John Rose: Blog Post IV

I’ve just finished my first article and submitted it for review at the DU Quark. My attention is now focused on finding a new topic for my second article that I’ll have finished by the end of November. Writing for a broader, potentially non-scientific audience has proven to be challenging, but enjoyable. I am increasingly aware of a need to be simple when translating language from a scientific study to my own article. Many of the concepts that are included in research have additional contexts and subfields that are very important to the research, but not pertinent to my own writing. I find that I frequently need to parse the language, locate the key points, and apply the results to my own topic. Though this is a basic aspect of the research process, I feel that it is sometimes overlooked in its significance. Writing cross-discipline mandates that the author be able to speak and respect the discourse of one field, and then successfully interpret this information for a different readership.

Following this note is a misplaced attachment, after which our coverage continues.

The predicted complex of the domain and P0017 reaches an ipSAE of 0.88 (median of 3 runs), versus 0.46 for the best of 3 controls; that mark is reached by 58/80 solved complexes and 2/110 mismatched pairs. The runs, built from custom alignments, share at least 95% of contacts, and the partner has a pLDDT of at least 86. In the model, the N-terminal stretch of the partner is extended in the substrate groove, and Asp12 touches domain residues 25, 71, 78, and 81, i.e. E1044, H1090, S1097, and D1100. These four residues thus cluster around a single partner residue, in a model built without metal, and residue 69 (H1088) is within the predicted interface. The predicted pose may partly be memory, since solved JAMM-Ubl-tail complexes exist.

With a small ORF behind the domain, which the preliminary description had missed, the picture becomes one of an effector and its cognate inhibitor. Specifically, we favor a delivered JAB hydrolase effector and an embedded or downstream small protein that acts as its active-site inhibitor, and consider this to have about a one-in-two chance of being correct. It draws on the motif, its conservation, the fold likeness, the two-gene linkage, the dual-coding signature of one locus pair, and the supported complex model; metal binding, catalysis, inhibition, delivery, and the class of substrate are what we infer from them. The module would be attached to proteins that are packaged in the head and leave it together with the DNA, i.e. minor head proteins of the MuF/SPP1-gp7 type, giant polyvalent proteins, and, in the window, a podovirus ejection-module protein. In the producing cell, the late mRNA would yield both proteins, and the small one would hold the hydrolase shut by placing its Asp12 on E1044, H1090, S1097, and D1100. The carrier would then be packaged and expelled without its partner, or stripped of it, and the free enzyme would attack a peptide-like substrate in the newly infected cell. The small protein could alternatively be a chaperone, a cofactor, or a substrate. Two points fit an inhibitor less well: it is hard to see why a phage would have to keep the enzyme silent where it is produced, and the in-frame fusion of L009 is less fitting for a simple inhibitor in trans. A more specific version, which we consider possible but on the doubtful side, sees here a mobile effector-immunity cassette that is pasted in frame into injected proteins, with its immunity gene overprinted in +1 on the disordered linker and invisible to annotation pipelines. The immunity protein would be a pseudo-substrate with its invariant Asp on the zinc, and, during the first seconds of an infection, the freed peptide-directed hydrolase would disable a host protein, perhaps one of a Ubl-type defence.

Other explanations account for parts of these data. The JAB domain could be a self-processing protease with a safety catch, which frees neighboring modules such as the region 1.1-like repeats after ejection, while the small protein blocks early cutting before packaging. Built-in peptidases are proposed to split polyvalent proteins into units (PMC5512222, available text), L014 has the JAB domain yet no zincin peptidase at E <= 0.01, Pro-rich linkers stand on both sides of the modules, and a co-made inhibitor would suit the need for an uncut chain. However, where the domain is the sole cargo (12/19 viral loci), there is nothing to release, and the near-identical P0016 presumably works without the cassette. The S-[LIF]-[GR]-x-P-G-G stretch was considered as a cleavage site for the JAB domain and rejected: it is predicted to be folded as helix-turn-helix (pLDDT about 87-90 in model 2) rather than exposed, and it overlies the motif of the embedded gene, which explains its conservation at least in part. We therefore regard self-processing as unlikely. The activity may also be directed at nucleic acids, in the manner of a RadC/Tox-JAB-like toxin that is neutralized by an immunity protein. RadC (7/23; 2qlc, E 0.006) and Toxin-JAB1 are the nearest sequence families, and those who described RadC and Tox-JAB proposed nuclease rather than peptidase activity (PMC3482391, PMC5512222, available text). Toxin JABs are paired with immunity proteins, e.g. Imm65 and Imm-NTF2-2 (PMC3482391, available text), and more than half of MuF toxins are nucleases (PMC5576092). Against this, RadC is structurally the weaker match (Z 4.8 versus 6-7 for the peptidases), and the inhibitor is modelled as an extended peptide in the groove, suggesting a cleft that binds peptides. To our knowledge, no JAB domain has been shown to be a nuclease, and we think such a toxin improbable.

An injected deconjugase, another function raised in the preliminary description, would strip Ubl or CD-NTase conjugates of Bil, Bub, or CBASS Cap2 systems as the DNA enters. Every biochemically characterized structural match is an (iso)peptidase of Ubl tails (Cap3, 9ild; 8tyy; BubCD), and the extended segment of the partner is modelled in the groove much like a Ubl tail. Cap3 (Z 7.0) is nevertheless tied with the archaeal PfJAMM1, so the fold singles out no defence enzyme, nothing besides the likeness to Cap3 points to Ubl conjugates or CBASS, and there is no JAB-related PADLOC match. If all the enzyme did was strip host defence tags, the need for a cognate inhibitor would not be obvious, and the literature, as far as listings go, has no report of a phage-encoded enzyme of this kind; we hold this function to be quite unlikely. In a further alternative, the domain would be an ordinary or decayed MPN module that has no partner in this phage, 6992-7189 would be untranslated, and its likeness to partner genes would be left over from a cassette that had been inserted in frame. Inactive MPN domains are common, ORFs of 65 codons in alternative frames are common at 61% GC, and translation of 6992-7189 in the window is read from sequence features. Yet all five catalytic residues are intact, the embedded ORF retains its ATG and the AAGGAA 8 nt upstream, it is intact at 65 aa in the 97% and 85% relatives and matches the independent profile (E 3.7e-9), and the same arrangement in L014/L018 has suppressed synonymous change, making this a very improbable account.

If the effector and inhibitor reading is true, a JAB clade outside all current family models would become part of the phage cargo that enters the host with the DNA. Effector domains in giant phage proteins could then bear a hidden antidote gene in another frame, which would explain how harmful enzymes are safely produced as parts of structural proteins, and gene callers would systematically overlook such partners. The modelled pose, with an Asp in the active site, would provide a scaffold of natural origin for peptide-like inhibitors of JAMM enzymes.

In learning about hydroponics and aquaponics, I’ve also begun to appreciate the subtleties of researching even more. I was surprised to find how many sources differed across search parameters for ‘hydroponics’ and ‘vertical farming.’ They aren’t the same thing, but they are similar enough that I thought they could be interchangeable. Nope. Each individual search results in a different set of articles showing. I’ve learned that vertical farming is a kind of applied hydroponics, and while vertical farming and hydroponic articles reference one another constantly, they are different for scientists. While preparing to write my next article, I will be cognizant of the many ways that a single concept can be represented and tailor my searches accordingly.


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